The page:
Rice

by Chris Lyddon
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Higher rice yields and plantings overall will mean a bigger global 2012-13 crop, but declines in some producing areas, notably in India, will hold down the rate of increase.

According to the International Grains Council’s (IGC) most recent forecasts, world rice production in 2012-13 will jump to a record of 466 million tonnes, up from 464 million the year before.

“At just 0.4%, the year-on-year expansion will be markedly smaller than in earlier years,” the IGC pointed out. “The rise is underpinned by a modest expansion of plantings and a marginal improvement in yields, but the forecast expansion in output will be much smaller than in recent years, as increases in some regions, including the Americas and Africa, are partly outweighed by a marginal contraction in output in Asia.”

One of the factors in the IGC’s forecast is India’s first production decline in three years.

“A recent improvement in monsoon precipitation has allowed fieldwork to advance, but rains are still expected to remain well below the long-term (50-year) average over the entire season,” it said. “With plantings expected to contract slightly, main (kharif) crop output in 2012-13 is forecast to decline. While this could be partly offset by a larger winter-sown (rabi) outturn, total production in 2012-13 is projected to fall to 99 million tonnes.”

The IGC also forecasts that larger sowings could boost output in China to 142.5 million tonnes, up from 140.5 million last year.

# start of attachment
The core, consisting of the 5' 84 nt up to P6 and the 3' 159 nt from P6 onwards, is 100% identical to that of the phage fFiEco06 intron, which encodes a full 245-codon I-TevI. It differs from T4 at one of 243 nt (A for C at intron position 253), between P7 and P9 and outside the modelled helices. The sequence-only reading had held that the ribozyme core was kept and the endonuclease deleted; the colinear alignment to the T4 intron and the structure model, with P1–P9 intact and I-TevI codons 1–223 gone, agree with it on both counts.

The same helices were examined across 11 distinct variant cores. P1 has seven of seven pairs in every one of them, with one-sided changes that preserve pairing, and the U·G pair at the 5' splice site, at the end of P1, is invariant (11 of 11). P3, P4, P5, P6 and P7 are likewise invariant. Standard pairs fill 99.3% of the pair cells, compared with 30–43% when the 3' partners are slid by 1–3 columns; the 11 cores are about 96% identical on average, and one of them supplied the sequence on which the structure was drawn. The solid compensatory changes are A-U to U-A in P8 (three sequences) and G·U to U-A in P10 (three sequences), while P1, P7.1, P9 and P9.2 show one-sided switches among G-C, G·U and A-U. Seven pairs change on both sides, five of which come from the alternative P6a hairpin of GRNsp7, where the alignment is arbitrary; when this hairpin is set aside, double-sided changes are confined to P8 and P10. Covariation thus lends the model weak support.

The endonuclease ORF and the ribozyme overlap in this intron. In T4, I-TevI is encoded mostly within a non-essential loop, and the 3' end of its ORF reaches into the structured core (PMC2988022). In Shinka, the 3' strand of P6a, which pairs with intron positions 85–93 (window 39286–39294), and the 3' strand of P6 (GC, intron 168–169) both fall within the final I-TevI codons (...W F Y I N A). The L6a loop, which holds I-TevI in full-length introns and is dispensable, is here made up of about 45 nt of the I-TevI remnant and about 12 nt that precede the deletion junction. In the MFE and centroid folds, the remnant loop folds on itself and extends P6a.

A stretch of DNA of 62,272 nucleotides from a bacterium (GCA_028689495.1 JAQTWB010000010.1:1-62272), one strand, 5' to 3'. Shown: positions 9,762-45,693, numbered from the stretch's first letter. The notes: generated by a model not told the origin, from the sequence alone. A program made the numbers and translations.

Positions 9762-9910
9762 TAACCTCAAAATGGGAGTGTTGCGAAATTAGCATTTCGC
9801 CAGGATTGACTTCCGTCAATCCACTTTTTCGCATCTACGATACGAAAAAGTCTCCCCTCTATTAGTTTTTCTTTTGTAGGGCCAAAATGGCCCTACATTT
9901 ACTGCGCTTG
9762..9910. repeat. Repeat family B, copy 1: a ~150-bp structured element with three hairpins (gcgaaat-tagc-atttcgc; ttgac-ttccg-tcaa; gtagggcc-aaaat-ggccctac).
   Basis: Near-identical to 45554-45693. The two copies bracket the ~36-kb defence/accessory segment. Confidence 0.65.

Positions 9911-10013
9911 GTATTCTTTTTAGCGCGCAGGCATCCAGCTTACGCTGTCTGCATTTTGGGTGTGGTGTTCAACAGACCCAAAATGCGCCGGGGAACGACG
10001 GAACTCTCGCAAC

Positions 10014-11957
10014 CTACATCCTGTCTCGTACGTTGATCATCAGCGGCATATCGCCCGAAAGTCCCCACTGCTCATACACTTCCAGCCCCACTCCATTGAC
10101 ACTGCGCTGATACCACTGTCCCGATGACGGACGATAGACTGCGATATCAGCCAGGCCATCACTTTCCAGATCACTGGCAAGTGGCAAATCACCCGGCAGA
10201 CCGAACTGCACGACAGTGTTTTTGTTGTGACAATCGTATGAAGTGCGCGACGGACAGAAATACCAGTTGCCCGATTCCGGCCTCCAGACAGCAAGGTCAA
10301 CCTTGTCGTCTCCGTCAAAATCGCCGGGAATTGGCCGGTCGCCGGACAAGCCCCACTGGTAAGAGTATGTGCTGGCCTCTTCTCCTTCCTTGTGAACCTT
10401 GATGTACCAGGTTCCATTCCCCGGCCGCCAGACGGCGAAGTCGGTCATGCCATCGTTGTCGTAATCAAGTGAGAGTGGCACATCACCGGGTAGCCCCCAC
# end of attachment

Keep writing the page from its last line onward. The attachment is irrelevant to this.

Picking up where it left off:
“Key exporters in the region are also likely to bring in larger crops. This includes Thailand where continued state paddy intervention buying is expected to boost main crop sowings,” it said. “Assuming weather patterns are favorable, total production in 2012-13 is projected to rise by 4%, to 21.2 million tonnes. Above-average crops are also expected in Bangladesh, Indonesia and the Philippines.”

The IGC expects a rebound in production in the Americas.

“In Brazil, output is estimated to have fallen steeply in 2011-12 on account of a smaller harvested area and reduced yields,” it said. “However, assuming that seeding expands and productivity levels advance, output in 2012-13 is set to recover to 8.7 million tonnes.”

The IGC also forecasts a rise of 4% in U.S. production to 6.1 million tonnes, reflecting improved yields.

For sub-Saharan Africa, it forecast rice production at an all-time high of 13.1 million tonnes, up from 12.5 million.

World rice consumption will rise, but not by much. “After the previous year’s solid output-led expansion, consumption in 2012-13 is set to increase only modestly to 465 million tonnes, up from 459 million last year,” the IGC said.

With global production and use broadly in balance, the world 2012-13 carryover is set to show little change, including only a modest rise in major exporters’ stocks, the IGC added. It predicted a slight rise in world trade to 34.8 million tonnes, citing “limited prospects for bigger shipments to markets in Asia and Africa.”

The September edition of the USDA’s World Agricultural Supply and Demand Estimates report raised its production estimate to 464.2 million tonnes, up 1 million from a month earlier “primarily due to larger expected crops in China, the Philippines, E.U.-27, and the United States.” It put consumption at a record 467.7 million tonnes, up 1.3 million from the earlier estimate.

The USDA ERS Rice Outlook reported a mixed picture on prices. “Prices for most grades of Thailand’s specialty and white milled-rice have declined since late August due to the government’s release of stocks,” it said. “In contrast, price quotes from Vietnam continue to increase, mostly due to large purchases by the Philippines, Malaysia, sub-Saharan Africa and China.”

Chris Lyddon is World Grain’s European editor. He may be contacted at: chris.lyddon@ntlworld.com.



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